The US dollar’s status as the dominant global currency is at risk of being eroded because of mounting government debt, according to Zhu Min, former senior executive with the International Monetary Fund (IMF).
His warning comes as the United States is expected to double down on its fiscal stimulus measures to soothe the economic fallout from the Covid-19 pandemic. Congress is considering a new round of relief that is likely to cost at least $1 trillion on top of the more than $2 trillion passed earlier this year.
With the US Federal Reserve continuing its aggressive monetary policy of quantitative easing, there is a rising risk of a sudden loss of confidence in the dollar, said Zhu, who was deputy managing director of the IMF from 2011 to 2016. He is currently the head of the National Financial Research Institute at Tsinghua University in Beijing.
“The concern isn’t whether the US dollar will see an accumulated decline of 30 percent in the future, but whether there will be a blow-up event that causes a sudden loss of confidence in the US dollar, and its market to collapse,” Zhu told the South China Morning Post.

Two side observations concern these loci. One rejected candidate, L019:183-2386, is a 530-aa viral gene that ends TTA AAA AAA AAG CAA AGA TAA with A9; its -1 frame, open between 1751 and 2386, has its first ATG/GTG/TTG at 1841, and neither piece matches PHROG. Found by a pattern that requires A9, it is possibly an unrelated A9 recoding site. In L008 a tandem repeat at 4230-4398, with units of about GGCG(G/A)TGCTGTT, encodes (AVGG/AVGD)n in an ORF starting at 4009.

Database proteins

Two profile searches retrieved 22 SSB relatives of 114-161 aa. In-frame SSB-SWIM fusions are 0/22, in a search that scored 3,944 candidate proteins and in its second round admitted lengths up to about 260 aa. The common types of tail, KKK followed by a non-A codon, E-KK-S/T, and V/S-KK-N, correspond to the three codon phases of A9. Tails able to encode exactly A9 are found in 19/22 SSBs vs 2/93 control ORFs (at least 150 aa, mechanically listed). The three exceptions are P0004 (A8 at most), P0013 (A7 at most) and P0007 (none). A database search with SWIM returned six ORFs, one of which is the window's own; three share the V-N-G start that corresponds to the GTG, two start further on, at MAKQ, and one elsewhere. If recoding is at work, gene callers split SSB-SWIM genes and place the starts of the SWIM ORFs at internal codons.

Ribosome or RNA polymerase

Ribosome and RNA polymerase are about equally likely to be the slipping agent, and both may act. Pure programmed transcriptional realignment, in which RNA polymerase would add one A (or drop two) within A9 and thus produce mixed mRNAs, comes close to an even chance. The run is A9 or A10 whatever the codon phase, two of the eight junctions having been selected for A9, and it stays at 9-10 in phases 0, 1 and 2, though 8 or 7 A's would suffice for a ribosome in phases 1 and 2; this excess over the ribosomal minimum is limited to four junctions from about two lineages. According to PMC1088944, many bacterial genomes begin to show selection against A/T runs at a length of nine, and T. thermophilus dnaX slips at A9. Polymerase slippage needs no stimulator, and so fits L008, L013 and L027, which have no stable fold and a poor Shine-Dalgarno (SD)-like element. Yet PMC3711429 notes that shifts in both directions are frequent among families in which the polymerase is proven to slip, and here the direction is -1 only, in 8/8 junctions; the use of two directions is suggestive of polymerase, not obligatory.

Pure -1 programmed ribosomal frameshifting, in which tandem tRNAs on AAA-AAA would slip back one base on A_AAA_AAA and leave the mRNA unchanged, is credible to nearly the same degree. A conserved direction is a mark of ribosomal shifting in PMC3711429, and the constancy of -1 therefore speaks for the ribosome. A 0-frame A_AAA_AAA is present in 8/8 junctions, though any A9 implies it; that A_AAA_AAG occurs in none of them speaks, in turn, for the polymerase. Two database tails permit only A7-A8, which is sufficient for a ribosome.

He added that at the same time, companies have become much more vulnerable globally than during the 2008 global financial crisis, because the low interest rate environment has sharply boosted corporate borrowing. The official explained that while the US Federal Reserve’s aggressiveness in easing financial conditions has succeeded in halting a further decline in the economy, companies could still go bankrupt as they adapt to the new norm in which work resumption must coexist with social-distancing measures because the coronavirus crisis has persisted longer than expected.
“So, the question of whether there will be a financial crisis will depend on whether a major company will be the next to go bankrupt, and thereby result in a jump in the corporate default ratio, leading to a sovereign debt crisis,” Zhu said.
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